“29 But wishing to justify himself, he said to Jesus, “And who is my neighbor?” 30 Jesus replied and said, “A man was going down from Jerusalem to Jericho, and fell among robbers, and they stripped him and beat him, and went away leaving him half dead. 31 And by chance a priest was going down on that road, and when he saw him, he passed by on the other side.32 Likewise a Levite also, when he came to the place and saw him, passed by on the other side.33 But a Samaritan, who was on a journey, came upon him; and when he saw him, he felt compassion,34 and came to him and bandaged up his wounds, pouring oil and wine on them; and he put him on his own beast, and brought him to an inn and took care of him. 35 On the next day he took out two denarii and gave them to the innkeeper and said, ‘Take care of him; and whatever more you spend, when I return I will repay you.’ 36 Which of these three do you think proved to be a neighbor to the man who fell into the robbers’ hands?” 37 And he said, “The one who showed mercy toward him.” Then Jesus said to him, “Go and do the same.”
Traditionally, compassion is categorized as a noun; it is a thing an idea. But today’s scripture makes me think of compassion more as a verb. Compassion is more than a concept, it is an action; something that must be shown. Besides, how can we know someone is compassionate unless they show it? Here, we see a stranger who had a hard life. This man had been beaten and robbed and left on the side of the road to die. It appears as though he had no friends, no relatives or anyone that cared about him. Even the priest and Levite cantered to the other side of the road so as to not be inconvenienced by this hurting man. But there was a Samaritan, the good ‘ol Samaritan, who thought it not robbery to stop what he was doing that day, pause where he was going and to intentionally inconvenience himself to provide aid to this man in need, all in the name of compassion. You see compassion compels you to act. It is physically impossible to have compassion and to do nothing about the issue; that is just called pity. There is always something that we all can do. I’m not suggesting that it will be easy or convenient or even something we planned to do, but Jesus tells us that the harvest is plentiful and the workers are few meaning that there is always something that can be done. In order to make this world a better place, we need to be compassionate. We must step into the shoes of the other person and make our neighbors problems our problems. After all, are we all not a part of each other as the body of Christ? I wonder where compassion will lead us today.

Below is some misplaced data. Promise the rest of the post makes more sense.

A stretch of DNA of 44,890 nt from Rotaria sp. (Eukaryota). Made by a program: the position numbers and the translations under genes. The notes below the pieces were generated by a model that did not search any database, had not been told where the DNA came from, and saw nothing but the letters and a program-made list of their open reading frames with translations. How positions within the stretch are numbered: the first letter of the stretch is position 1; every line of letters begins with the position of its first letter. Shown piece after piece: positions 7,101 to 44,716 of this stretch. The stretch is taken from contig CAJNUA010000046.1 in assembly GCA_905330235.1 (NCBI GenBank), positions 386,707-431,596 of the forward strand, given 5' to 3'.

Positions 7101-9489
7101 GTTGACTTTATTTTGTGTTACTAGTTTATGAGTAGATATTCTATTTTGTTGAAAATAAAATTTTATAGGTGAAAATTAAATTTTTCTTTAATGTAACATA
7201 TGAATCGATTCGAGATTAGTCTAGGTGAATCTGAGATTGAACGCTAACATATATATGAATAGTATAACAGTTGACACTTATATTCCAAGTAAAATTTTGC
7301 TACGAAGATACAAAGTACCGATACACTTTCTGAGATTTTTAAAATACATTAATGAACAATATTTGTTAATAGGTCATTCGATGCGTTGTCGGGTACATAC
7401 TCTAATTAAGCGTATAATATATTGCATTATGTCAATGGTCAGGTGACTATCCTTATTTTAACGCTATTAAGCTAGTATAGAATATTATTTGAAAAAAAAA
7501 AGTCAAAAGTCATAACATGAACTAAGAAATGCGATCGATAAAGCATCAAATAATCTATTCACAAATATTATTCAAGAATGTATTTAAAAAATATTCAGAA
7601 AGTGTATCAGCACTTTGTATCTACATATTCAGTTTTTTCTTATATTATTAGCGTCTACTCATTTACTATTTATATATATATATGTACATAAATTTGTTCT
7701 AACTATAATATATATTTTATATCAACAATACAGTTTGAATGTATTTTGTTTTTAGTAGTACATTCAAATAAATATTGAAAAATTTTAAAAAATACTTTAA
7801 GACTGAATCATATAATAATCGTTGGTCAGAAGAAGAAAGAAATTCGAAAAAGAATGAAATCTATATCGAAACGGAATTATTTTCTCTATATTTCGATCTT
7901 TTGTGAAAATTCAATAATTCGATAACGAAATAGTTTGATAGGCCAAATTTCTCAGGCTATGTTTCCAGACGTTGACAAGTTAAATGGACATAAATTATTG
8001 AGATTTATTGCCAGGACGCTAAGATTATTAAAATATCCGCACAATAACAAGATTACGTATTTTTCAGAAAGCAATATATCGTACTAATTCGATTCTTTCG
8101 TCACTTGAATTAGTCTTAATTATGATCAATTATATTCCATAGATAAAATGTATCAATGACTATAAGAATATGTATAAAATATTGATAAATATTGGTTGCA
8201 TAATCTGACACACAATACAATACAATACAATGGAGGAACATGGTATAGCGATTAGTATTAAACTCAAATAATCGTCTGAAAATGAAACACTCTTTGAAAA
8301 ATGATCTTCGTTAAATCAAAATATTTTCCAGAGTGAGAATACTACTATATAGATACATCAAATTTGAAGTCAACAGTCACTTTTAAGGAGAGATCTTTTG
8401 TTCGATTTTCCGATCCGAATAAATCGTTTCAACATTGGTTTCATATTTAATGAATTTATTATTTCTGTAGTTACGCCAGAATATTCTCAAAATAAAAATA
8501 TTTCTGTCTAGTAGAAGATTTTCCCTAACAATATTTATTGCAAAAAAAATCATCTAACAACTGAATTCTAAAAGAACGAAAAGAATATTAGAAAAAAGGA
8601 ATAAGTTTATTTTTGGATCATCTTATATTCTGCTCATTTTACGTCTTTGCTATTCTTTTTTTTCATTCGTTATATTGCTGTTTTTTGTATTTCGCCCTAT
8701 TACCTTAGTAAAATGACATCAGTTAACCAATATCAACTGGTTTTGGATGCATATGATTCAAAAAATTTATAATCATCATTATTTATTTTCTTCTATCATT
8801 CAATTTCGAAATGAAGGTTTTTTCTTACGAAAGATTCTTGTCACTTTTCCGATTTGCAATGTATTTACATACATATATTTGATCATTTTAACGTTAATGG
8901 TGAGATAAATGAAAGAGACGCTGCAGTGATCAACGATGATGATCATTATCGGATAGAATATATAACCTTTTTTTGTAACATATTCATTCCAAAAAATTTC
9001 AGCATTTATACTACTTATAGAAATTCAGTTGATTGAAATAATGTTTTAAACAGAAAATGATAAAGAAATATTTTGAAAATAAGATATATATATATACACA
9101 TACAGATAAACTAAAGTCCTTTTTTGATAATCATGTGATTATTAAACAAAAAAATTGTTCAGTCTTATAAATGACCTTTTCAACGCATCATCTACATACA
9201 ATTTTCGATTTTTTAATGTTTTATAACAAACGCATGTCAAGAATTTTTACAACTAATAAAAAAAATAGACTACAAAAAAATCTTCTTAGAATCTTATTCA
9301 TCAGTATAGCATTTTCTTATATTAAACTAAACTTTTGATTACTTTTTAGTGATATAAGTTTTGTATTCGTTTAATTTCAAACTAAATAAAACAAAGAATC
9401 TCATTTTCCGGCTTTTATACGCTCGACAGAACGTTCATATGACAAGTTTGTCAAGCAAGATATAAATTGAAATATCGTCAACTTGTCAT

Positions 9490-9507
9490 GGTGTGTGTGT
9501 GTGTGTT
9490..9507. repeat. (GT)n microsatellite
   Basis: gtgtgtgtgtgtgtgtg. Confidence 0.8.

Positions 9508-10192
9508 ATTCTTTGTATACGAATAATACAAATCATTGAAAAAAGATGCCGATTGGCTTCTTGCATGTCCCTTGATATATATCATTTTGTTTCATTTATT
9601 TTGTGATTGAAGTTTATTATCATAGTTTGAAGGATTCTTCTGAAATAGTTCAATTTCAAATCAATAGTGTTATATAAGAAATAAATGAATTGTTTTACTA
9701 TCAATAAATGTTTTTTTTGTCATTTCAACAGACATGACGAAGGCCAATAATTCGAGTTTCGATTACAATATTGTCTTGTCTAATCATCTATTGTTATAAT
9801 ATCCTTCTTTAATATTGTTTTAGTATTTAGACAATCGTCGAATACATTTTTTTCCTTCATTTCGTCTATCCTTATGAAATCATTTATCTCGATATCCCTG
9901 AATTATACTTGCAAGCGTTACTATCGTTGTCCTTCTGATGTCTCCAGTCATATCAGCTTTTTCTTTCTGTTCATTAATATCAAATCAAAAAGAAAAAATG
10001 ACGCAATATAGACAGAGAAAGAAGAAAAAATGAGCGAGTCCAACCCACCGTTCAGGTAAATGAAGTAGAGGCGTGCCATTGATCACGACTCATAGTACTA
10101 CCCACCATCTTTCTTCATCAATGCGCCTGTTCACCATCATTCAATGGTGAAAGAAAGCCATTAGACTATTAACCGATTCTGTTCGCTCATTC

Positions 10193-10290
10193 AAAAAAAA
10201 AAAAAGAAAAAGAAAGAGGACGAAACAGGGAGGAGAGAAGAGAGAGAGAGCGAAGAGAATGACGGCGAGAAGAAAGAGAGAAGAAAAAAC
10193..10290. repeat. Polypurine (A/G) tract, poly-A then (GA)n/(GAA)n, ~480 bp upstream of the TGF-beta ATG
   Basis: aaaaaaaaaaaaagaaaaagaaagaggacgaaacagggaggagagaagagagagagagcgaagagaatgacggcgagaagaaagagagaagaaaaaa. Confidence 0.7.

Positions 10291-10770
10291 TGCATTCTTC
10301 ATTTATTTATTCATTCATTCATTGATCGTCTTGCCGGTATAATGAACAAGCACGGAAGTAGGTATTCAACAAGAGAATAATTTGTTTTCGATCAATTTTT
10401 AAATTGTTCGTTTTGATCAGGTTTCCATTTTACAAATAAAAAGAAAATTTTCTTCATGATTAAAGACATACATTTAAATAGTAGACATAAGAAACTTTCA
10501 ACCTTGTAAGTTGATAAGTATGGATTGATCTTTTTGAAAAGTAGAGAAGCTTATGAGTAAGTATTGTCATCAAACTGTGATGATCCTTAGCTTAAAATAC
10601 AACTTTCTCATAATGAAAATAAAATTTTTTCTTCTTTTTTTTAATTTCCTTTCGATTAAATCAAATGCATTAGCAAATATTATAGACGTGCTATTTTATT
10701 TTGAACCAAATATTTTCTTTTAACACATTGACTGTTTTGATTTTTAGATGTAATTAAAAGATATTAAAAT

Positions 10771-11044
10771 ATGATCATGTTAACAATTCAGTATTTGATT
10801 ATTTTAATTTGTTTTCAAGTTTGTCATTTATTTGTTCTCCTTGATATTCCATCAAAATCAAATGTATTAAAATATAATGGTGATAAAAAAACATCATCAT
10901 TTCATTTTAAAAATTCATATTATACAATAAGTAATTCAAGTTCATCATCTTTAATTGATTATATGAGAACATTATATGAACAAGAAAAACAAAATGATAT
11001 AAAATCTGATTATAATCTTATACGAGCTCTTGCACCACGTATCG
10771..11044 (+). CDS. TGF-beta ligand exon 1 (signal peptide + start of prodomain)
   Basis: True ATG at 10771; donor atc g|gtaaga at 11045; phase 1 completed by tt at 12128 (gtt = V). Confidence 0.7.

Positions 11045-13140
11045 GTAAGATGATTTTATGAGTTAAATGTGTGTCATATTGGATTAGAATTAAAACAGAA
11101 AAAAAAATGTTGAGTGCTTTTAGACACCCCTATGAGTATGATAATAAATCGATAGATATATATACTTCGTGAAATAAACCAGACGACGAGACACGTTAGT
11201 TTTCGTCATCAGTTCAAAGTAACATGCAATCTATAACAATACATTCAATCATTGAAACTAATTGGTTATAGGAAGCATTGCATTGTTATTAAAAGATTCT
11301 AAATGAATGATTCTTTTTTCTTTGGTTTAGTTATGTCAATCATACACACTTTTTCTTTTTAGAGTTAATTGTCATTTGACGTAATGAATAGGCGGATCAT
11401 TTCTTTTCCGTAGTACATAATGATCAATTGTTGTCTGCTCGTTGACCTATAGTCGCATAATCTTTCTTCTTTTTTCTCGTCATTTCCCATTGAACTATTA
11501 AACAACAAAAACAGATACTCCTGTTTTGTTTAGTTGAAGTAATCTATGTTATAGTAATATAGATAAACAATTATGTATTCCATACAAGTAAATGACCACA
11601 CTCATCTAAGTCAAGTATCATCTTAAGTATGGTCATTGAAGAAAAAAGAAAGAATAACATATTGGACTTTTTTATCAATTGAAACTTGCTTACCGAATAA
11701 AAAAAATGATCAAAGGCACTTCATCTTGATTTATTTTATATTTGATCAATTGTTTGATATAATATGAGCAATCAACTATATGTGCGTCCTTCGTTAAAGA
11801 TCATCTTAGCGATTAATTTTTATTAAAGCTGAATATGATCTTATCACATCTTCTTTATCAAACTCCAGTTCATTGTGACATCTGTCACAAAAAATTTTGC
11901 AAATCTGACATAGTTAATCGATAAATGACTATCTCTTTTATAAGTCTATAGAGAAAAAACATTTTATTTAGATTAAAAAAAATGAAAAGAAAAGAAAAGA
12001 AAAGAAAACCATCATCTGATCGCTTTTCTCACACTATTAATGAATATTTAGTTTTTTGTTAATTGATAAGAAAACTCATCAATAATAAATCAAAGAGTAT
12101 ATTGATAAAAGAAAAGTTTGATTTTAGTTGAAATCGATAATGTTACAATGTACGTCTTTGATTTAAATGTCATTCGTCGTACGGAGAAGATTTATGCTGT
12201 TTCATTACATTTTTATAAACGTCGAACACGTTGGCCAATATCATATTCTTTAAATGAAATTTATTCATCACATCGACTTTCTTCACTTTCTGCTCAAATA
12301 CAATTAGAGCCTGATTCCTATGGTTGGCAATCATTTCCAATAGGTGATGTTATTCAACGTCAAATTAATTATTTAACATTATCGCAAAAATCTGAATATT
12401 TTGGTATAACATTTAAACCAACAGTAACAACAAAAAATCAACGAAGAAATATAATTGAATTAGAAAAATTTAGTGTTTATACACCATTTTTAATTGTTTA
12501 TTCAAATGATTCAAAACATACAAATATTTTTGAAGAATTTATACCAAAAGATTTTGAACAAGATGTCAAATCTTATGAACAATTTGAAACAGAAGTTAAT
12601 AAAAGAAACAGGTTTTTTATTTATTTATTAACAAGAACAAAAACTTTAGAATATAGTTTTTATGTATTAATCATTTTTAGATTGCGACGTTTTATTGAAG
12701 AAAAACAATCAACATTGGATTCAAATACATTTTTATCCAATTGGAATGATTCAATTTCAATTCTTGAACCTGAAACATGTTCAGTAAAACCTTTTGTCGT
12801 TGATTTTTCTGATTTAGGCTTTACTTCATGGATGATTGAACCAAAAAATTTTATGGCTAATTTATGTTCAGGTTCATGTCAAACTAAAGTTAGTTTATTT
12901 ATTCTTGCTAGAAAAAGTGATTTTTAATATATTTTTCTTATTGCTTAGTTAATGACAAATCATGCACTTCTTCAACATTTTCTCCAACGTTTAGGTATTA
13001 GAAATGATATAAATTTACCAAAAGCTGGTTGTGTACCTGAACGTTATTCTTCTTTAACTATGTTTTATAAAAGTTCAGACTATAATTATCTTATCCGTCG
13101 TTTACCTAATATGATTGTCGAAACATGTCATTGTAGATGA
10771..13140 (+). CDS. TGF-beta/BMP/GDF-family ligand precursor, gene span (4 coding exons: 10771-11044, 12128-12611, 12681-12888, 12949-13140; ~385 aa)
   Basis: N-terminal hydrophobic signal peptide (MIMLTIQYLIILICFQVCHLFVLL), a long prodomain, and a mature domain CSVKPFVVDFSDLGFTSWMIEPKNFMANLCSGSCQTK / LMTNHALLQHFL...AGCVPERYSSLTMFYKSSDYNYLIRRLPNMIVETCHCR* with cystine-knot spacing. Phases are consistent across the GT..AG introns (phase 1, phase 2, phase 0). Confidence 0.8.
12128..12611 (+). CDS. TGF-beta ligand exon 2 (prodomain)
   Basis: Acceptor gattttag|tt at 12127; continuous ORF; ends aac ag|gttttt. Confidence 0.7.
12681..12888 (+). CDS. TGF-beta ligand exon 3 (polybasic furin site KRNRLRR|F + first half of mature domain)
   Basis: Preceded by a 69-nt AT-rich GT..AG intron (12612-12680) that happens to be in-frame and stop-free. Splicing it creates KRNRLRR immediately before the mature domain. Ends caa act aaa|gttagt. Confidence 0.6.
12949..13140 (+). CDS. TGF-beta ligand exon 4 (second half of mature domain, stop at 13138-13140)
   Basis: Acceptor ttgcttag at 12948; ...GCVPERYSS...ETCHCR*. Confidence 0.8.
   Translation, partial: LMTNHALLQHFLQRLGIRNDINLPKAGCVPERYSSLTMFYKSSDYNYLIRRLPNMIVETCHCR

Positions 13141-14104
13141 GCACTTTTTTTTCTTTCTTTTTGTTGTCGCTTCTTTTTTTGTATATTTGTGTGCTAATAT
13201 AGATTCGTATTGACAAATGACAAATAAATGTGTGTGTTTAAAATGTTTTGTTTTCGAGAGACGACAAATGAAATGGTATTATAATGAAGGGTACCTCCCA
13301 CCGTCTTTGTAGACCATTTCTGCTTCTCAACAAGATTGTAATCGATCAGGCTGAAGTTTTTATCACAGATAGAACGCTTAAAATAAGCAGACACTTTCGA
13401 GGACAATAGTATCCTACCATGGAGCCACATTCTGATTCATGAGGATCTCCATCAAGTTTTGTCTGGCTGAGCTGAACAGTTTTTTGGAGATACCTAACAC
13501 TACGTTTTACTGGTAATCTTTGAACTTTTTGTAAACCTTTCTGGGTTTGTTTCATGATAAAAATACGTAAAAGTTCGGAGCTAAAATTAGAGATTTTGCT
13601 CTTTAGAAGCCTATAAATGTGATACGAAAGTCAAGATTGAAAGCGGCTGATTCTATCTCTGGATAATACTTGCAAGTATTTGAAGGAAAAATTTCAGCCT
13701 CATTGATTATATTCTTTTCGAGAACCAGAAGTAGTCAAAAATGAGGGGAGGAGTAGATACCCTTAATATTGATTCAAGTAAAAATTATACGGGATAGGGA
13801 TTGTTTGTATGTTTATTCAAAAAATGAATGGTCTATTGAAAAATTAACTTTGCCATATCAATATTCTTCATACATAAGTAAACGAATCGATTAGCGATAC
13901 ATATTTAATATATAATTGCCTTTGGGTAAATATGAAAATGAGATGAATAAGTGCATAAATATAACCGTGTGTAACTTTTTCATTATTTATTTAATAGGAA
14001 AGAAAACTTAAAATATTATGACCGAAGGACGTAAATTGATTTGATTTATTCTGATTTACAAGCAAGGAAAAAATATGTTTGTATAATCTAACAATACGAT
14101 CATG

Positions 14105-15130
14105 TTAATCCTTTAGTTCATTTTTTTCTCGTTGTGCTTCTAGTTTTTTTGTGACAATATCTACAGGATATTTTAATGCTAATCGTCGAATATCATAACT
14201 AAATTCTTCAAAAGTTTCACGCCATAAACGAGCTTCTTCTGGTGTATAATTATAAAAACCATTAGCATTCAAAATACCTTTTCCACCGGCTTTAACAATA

Lord, you have brought us all from a mighty long way. We are not the people we used to be and are constantly growing and that is solely because You showed us compassion. You looked down from Heaven and saw a struggling people. You saw us struggling to get it right, struggling to live righteously and struggling to love You wholly. But because You are a compassionate God You sent Your Son to die for us that we may be filled with compassion also. Lord, compassion is contagious and as it pours out from Your heart help us to pass it to one another. God thank You for compassion and help us to be a community of compassionate people.
*Praying in your own words, ask God how He can use compassion in your life to bless others and to reveal to you ways in which you can grow in compassion.*